Still, instead of shooing away his comment or prattling on about all the great new shoes for boys on the shelves these days, I remembered a man about my age who wore a skirt and a blouse when I interviewed him last fall.
But he never went home to Wisconsin dressed that way when he visited his retired parents who lived in a Catholic, blue collar part of town.
And he visited them very, very rarely.
Then, he was off to review the A,B, Cs and 1,2,3s.
My oldest son already has taken to many things.
He loves to stare at dinosaur skeletons overhead at the Denver Museum of Nature & Science; to “Superman fly” when I hold his hands and push him up with my feet; to splash around in water, no matter how cold.
And if he takes to girly sandals or dresses or purses?
A couple of summers ago, I read “The Help” — a novel by Kathryn Stockett that revolves around the lives of black domestic servants living in Jackson, Miss., during the civil rights era.
In one section of the book, she recalls a boy whose father would beat him in the garage with a garden hose if he came home from work and caught the child playing — at age 3 or 4 — with dolls.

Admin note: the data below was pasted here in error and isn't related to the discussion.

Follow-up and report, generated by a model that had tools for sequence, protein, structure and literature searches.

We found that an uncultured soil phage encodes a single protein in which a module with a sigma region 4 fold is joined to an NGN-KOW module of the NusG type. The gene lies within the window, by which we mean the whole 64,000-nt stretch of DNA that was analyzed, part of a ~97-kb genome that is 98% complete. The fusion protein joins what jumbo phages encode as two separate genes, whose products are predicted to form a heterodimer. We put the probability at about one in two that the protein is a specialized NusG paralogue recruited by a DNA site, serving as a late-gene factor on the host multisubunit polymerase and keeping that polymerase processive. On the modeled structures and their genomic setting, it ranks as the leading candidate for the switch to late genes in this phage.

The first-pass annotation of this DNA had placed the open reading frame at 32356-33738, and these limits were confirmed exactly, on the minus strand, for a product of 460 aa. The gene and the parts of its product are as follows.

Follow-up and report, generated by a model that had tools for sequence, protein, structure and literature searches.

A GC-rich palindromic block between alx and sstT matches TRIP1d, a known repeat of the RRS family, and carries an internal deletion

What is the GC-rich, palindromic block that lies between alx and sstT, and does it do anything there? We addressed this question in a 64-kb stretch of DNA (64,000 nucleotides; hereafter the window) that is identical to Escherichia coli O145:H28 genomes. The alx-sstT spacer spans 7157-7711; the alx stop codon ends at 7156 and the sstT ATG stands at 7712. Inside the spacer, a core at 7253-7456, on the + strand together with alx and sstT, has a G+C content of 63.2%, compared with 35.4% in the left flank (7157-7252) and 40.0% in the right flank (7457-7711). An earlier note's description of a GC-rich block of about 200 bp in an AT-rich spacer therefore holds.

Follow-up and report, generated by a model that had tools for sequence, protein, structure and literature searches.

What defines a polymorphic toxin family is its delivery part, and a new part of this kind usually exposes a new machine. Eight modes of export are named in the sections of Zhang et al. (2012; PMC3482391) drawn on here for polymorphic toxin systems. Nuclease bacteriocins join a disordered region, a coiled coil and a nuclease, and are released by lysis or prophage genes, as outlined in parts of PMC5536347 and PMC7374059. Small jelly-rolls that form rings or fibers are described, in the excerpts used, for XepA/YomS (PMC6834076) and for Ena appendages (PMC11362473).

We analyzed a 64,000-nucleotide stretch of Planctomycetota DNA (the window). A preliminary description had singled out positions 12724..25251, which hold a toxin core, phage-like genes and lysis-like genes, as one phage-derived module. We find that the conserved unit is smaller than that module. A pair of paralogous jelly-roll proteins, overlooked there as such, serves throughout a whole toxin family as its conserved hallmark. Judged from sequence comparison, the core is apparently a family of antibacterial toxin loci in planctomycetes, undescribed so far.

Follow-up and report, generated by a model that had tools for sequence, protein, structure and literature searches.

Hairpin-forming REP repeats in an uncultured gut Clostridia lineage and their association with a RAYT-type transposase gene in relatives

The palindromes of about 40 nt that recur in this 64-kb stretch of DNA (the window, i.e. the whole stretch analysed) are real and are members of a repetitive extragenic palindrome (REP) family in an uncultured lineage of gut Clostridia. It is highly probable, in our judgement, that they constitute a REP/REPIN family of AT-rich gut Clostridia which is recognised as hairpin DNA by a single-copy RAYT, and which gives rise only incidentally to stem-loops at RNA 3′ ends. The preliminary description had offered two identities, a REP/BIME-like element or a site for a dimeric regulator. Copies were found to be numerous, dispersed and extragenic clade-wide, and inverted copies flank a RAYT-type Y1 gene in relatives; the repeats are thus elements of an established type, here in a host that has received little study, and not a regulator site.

Something about the brutality and terror in that scene stuck with me more than any speech on tolerance.
The marketplace senses this.
In 1963, Hasbro unveiled GI Joe to recover some toy market share eaten up by Hasbro’s wildly popular Barbie doll.
But the company took care not to call GI Joe a “doll.”
No. He is an “action figure,” which makes him a safe play thing for boys.
I am still so thankful that our pastor resisted passing judgement. Instead, he led our church family to build a unisex bathroom just off the fellowship hall to spare this child awkwardness in that place.
After Carl’s sandal comments from the back seat of our car, I took my three sons shopping.
“Mom?” he said. “Mom?!? I don’t want these sandals. They’re pink. They’re for girls.”
He left for the boy’s shoe department, and I followed him.
“I thought you wanted pink shoes,” I said, pointing to those rows.
“No, way. Those are girly shoes. I want these,” he said, holding up a pair of black flip-flops with an orange-and-yellow swirl design.
“See? These are easy on, easy off. I like them a lot,” he said, walking up and down the aisle for a comfort check.
I did not need to feel relieved.